ers information impugning her exemption claims, he may
    ask the bankruptcy court to hold a hearing to determine
    valuation issues, Rule 4003(c). See Taylor, 503 U. S., at
    644 (“If [the trustee] did not know the value of [a claimed
    exemption], he could have sought a hearing on the issue
    . . . or . . . asked the Bankruptcy Court for an extension of
    time to object.”). See also NACBA Brief 19, 21–23 (listing
    ways trustees may enlarge the limitations period for
    objections). Trustees, in sum, have ample mechanisms at
    their disposal to gain the time and information they need
    to lodge objections to valuation.
                                   B
      On affording trustees fair notice of the need to object,
    the Court emphasizes that a debtor must list her claimed
    exemptions “in a manner that makes the scope of the
    exemption clear.” Ante, at 20. If a debtor wishes to ex­
    empt property in its entirety, for example, the Court coun­
    sels her to write “full fair market value (FMV)” or “100% of
    FMV” in Schedule C’s value-of-claimed-exemption column.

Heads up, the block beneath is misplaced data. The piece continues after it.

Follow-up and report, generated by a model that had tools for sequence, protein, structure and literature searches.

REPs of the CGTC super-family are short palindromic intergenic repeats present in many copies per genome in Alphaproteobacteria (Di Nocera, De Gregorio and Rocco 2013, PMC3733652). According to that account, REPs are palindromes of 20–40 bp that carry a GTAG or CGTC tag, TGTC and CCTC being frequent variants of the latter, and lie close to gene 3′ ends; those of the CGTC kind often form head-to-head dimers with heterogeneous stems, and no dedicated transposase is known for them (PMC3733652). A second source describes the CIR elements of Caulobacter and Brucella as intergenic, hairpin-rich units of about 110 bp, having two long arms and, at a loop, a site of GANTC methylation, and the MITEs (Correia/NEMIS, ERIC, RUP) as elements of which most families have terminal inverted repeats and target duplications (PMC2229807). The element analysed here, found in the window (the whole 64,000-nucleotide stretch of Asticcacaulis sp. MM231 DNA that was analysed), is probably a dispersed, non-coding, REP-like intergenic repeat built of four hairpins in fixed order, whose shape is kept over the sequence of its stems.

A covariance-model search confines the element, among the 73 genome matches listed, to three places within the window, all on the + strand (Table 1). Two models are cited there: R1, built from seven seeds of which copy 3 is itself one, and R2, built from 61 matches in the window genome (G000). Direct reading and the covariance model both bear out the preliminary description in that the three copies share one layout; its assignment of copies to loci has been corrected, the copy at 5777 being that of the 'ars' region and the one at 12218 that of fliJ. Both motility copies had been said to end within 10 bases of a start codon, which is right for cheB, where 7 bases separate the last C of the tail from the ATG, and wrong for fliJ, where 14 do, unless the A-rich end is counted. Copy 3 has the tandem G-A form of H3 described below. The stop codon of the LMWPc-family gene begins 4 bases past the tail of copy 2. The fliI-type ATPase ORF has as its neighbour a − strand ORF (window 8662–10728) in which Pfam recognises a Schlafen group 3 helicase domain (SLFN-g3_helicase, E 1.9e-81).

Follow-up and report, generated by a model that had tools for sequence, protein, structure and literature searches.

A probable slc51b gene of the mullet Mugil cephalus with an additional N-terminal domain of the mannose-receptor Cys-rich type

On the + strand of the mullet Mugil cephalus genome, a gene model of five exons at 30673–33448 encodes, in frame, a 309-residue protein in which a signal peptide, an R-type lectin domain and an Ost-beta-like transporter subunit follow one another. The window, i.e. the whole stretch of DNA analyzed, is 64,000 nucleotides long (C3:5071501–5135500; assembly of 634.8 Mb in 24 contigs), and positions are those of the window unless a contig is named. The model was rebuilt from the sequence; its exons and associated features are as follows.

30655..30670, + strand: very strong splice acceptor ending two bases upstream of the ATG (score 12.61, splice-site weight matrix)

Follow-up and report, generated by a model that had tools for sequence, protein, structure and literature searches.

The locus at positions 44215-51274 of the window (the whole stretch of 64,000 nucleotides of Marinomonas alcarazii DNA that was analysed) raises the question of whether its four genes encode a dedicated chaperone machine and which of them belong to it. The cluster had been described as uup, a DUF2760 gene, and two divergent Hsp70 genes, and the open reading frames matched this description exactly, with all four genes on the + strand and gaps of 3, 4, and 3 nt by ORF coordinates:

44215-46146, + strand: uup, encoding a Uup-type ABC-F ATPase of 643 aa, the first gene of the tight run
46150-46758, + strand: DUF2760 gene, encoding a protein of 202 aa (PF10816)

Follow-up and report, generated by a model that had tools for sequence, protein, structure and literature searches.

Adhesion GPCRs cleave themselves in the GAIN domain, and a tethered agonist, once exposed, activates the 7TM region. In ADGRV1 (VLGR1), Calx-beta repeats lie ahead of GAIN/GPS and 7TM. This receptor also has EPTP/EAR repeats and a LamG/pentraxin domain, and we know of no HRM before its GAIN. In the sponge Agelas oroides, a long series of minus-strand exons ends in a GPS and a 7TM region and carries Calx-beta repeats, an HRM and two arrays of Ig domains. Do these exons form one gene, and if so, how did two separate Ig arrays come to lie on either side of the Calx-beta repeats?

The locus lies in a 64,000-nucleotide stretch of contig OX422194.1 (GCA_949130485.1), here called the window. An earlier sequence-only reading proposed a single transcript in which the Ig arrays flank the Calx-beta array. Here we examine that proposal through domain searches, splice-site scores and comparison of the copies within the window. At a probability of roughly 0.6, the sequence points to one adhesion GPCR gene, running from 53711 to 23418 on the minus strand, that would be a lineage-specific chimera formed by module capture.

——————
        .               .                 .                  .        .
      “WHEREFORE Trustee prays that the court determine that debtor is
    not entitled to . . . the exemptio[n] claimed by him, that the [property
    claimed as exempt] which [is] disallowed be turned over to the trustee
    herein as property of the estate, and that he have such other and
    further relief as is just.” 13A Collier §CS17.14, p. CS 17–22 (rev. 15th
    ed. 2009). See also Rules 9013–9014.
    14                   SCHWAB v. REILLY
    
                        GINSBURG, J., dissenting
    
    Ante, at 20–21 (internal quotation marks omitted). See
    also Tr. of Oral Arg. 6–7, 26–29; In re Hyman, 
    967 F.2d 1316
    , 1319–1320, n. 6 (CA9 1992) (Trustees must be able
    to assess the validity of an exemption from the face of a
    debtor’s schedules.). Our decision in Taylor v. Freeland &
    Kronz, the Court notes, is instructive. In Taylor, the
    debtor recorded the term “$ unknown” as the value of a
    claimed exemption, which, the Court observes, raised a
    “warning fla[g]” because the value “was not plainly within
    the limits the Code allows.” Ante, at 17.
       True, a debtor’s schedules must give notice sufficient to
    cue the trustee that an objection may be in order. But a